Previously, the town code limited the penalty for a third offense to $1,500 or up to six months in jail.
Fields' neighbors suing the assemblywoman
February 19, 2009 by JENNIFER MALONEY /
Oakdale neighbors of Assemb. Ginny Fields have filed a lawsuit charging that she, her son William and tenants launched an intimidation campaign against them in a dispute over a school bus stop and cottages rented illegally on Fields' property.
The abuse-of-power lawsuit charges that Fields (D-Oakdale) had claimed that a public right-of-way used for a bus stop was instead her private property and that she used political influence to discontinue its use. It also says she began harassing neighbors after they reported to the Town of Islip several code violations on a nearby property where Fields has acknowledged illegally renting out two cottages.
According to the lawsuit, Fields, with her son and tenants, threatened neighbors, blared a sexually explicit radio station in their direction, rode a motorbike along the property line and drove a truck dangerously close as they waited for the school bus.
Fields, who has been in the State Assembly since 2004, declined to comment on the charges in the lawsuit yesterday. Her son, William Fields, could not be reached.
The lawsuit was filed in federal court by Carol and Peter Schwasnick, who live around the corner on Montauk Highway. They charge that the harassment began in April 2007, after they reported code violations involving cottages being rented at 5 and 7 E. Shore Rd., two of six homes on the cul-de-sac owned by Fields and her husband, Walter, property records show.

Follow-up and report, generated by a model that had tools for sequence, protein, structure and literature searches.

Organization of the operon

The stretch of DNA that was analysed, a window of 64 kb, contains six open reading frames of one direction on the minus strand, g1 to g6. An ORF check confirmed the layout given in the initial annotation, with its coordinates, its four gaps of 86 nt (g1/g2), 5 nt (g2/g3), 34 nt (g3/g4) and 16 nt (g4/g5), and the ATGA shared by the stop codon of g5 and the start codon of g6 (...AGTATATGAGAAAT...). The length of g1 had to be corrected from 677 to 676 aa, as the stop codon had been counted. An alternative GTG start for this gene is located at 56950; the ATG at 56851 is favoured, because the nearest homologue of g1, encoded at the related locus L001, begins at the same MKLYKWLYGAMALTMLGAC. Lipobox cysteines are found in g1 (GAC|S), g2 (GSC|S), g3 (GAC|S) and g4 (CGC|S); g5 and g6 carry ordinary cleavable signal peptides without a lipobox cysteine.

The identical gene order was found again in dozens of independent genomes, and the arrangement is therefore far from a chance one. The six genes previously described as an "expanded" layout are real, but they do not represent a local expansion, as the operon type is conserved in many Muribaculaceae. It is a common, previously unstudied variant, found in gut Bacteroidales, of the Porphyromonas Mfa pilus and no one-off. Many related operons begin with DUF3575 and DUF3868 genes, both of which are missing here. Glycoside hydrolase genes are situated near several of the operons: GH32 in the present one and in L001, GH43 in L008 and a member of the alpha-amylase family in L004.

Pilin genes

The lawsuit charges the following:
Bus stop. William Fields, 30, drove at high speeds and dangerously close to Peter Schwasnick's car on several occasions as he waited for his daughter at the bus stop at East Shore Road and Montauk Highway, and Ginny Fields laid railroad ties studded with nails along the shoulder to prevent the Schwasnicks from parking there.
Verbal harassment. Ginny Fields, 63, swore at Peter Schwasnick, 41, an elementary school physical education teacher and said, "We've been through this, you can't be here. I'm not playing games. You don't know who you're dealing with. You're done."
Political influence. Soon afterward, Fields "used her influence" with district Superintendent Alan Groveman to eliminate the bus stop.
"False reports." After the Schwasnicks and another parent complained to the district about the bus stop removal, Fields made "false reports" to Islip Town, alleging code violations on their properties.
Noise. Ginny Fields and her tenants in May and June 2008 rode a motorbike along the Schwasnicks' property line. When the Schwasnicks called Suffolk police to complain about the noise, police asked Fields to stop. But she continued to ride. And William Fields in June 2007 backed up his truck to the property line and played a sexually explicit radio station at high volume.
The suit also charges that Ginny Fields' tenants turned sprinklers on the Schwasnicks, threw eggs at their house and urinated near their fence.
The Connetquot Central School District said yesterday district buses no longer make stops at the location next to Fields' property. Instead, a bus now makes stops at two nearby locations on Montauk Highway.
Kevin O'Brien, assistant superintendent for business, said Groveman, the superintendent, had been advised not to comment on the lawsuit. "There is a process we do have for changing bus stops and that is followed," O'Brien said